When it comes to managing a football team it’s hard to see two or more fans having the exact same opinion. This difference can also be translated to a more professional area as some it is quite common to see sporting directors and managers having several differences of opinion on certain topics.
Celta de Vigo are quite lucky they are not one of the teams that suffer those problems. The Balaídos side has everybody on the same page when it comes to the managing tactics and it seems everyone involved with the team is sure that Eduardo Berizzo is the right man for the job. He has certainly proven to be competent enough to compete in La Liga and in light of recent results he’s quickly becoming one of the most underrated managers in Europe this season.
The Argentinean has had a quick rise when it comes to his career on the sidelines. Following a successful spell as Marcelo Bielsa’s assistant coach in the Chilean National Team he moved on to his first official managing role with Estudiantes La Plata in his home country. The results weren’t very good (only five wins in 15 games) and he only spent a few months there before moving to Chile where he managed O’Higgins, a relatively small team that always found a way to stay near the mid-part of the standings. It was with Los Celestes, however, that he started to gain reputation as a very intelligent manager capable of making adjustments on the fly.
Berizzo spent two-and-a-half years with O’Higgins and the results were very good right from the start. He kicked his tenure winning 15 out of 23 matches in the Torneo Apertura 2012 but he had his best performance in the Torneo Apertura 2013 where he crowned O’Higgins for the first time in the club’s history. He got kicked out of the Copa Libertadores the following year but several pundits praised O’Higgins for their attacking style.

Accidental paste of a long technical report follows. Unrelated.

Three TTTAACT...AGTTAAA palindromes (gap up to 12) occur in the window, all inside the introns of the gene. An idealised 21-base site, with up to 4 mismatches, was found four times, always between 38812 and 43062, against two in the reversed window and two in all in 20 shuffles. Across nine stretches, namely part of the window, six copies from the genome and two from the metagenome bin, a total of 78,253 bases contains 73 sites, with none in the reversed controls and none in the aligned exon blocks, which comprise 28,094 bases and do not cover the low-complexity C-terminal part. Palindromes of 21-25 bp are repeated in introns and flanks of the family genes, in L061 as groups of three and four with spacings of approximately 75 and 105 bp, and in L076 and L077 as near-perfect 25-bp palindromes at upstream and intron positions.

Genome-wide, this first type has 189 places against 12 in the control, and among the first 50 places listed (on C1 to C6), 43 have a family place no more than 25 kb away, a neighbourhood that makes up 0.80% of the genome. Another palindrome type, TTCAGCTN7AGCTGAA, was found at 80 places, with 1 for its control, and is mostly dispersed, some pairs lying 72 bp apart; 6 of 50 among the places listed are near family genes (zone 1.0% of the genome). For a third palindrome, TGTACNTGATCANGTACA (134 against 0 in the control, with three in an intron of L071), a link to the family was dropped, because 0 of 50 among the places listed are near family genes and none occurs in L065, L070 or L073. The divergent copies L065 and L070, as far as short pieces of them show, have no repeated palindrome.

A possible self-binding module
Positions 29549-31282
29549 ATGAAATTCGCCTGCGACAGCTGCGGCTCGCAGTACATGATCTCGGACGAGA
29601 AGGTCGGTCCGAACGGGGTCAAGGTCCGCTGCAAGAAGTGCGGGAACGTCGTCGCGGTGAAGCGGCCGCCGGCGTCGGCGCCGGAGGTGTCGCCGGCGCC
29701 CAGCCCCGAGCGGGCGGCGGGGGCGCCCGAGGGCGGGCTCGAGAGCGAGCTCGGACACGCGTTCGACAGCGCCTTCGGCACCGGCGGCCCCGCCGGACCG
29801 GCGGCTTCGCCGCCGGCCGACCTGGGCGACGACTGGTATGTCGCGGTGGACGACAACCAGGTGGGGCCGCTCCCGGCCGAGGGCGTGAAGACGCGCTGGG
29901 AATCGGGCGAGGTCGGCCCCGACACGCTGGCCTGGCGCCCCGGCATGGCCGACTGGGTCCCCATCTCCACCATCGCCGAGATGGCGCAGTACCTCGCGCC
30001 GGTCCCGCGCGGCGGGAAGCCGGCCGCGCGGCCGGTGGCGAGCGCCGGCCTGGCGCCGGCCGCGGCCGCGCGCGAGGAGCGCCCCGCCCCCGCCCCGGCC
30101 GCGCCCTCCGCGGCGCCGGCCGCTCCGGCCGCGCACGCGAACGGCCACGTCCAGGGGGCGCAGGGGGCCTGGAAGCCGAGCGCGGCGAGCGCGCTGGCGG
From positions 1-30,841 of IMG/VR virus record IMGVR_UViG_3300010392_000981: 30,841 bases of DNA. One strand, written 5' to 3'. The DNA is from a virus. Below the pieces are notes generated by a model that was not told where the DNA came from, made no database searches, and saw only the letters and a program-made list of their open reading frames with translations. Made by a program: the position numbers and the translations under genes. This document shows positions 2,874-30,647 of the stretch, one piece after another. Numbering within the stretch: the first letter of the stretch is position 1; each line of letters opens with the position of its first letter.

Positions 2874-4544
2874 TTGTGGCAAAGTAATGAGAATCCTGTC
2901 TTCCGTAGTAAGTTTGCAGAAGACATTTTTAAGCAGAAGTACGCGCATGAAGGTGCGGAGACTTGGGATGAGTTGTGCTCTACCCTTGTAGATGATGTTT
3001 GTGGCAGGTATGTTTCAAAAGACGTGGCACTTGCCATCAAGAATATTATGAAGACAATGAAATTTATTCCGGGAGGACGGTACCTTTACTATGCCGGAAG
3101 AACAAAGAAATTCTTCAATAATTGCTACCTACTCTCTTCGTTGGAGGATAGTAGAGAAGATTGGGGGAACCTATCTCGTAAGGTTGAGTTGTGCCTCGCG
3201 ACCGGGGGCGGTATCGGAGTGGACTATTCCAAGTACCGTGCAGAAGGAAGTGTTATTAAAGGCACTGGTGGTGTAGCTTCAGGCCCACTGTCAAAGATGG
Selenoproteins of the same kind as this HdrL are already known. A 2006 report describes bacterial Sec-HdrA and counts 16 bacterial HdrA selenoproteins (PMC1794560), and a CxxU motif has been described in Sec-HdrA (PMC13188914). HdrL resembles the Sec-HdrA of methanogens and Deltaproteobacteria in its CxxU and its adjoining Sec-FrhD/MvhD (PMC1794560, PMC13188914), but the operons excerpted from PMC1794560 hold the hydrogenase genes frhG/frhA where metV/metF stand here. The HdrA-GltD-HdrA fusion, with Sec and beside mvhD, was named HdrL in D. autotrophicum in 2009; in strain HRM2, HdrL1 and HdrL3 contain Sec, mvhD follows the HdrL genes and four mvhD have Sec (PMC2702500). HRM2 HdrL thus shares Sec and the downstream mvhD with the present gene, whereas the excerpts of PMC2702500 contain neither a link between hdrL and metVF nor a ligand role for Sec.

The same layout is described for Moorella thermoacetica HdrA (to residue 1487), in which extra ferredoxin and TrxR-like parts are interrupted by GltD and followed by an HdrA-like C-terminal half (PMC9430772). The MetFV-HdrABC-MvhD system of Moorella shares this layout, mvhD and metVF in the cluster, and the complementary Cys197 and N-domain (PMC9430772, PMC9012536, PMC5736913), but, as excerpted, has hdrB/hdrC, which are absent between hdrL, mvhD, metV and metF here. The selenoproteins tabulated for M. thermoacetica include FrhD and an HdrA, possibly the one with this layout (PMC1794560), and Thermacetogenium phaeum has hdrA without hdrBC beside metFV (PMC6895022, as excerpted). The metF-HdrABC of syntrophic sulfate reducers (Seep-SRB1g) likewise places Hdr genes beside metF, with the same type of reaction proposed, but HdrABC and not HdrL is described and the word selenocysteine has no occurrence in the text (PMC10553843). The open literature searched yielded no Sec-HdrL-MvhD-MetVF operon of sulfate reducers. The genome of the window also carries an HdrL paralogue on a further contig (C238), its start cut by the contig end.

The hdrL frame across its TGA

Berizzo left O’Higgins with 63 wins, 28 draws and 30 losses in 123 matches while also winning a title and participating in the international stage. Below we have a chart that details Berizzo’s performance with the club in each tournament.
After his successful tenure with O’Higgins, Berizzo signed with Celta, a club he knew pretty well since he played for them between 2001 and 2005. He had a serious lack of talent in the squad during the first season but he managed to get positive results: 13 wins, 12 draws and 13 losses in a first year where he avoided relegation and began to build the foundation for a more successful future.
The strategy has paid off for Berizzo. He secured the services of Iago Aspas, Claudio Beauvue, Daniel Wass and Marcelo Diaz for a combined €15,1M and sold Augusto Fernandez, Santi Mina, Joaquin Larrivey and others for €18,5M. The chart below indicates the money spent between arrivals and departures – a chart that shows the Balaídos side ended the transfer period with a €4,4M profit.
Not only has he left a positive balance in the club’s economy; he also has Celta well positioned to play in Europe next season as the team’s currently in 7th place with 42 points in 28 matches.
Berizzo has done this marked improvement with players who aren’t worth much in the market. According to Transfermarkt’s team page, Nolito tops the squad in terms of value at €15M and there’s no other player topping the €10M mark. Here’s a chart of Celta’s regular starting XI that illustrates how much Berizzo’s best selection is worth.
To put things into perspective, Celta’s players would be among the less valued at the likes of Athletic Bilbao, Sevilla FC and Villarreal CF, their direct competition for European places. This chart below illustrates the top three players in terms of value for the four aforementioned sides and Celta’s players are clearly the less-valued of the four.
What Berizzo has done is quite impressive. He has a squad that’s currently ranked as the 9th most expensive in La Liga and he has the team in seventh place.
Cristiano Ronaldo, Lionel Messi, Neymar, Luis Suarez, James Rodríguez and Gareth Bale are all individually worth more than Celta as a whole.
Celta barely has internationals on his squad (and some like Fabian Orellana, John Guidetti and Pedro Pablo Hernandez barely play for their countries) yet he’s competing on a weekly basis in one of the toughest leagues in Europe.
All things analysed, there’s little doubt that Berizzo is quickly making a name for himself as an avid tactician, a smart man to choose his squad and he’s proving he can get value despite the price tag of the players. He’s clearly one of the most underrated managers in Europe this season.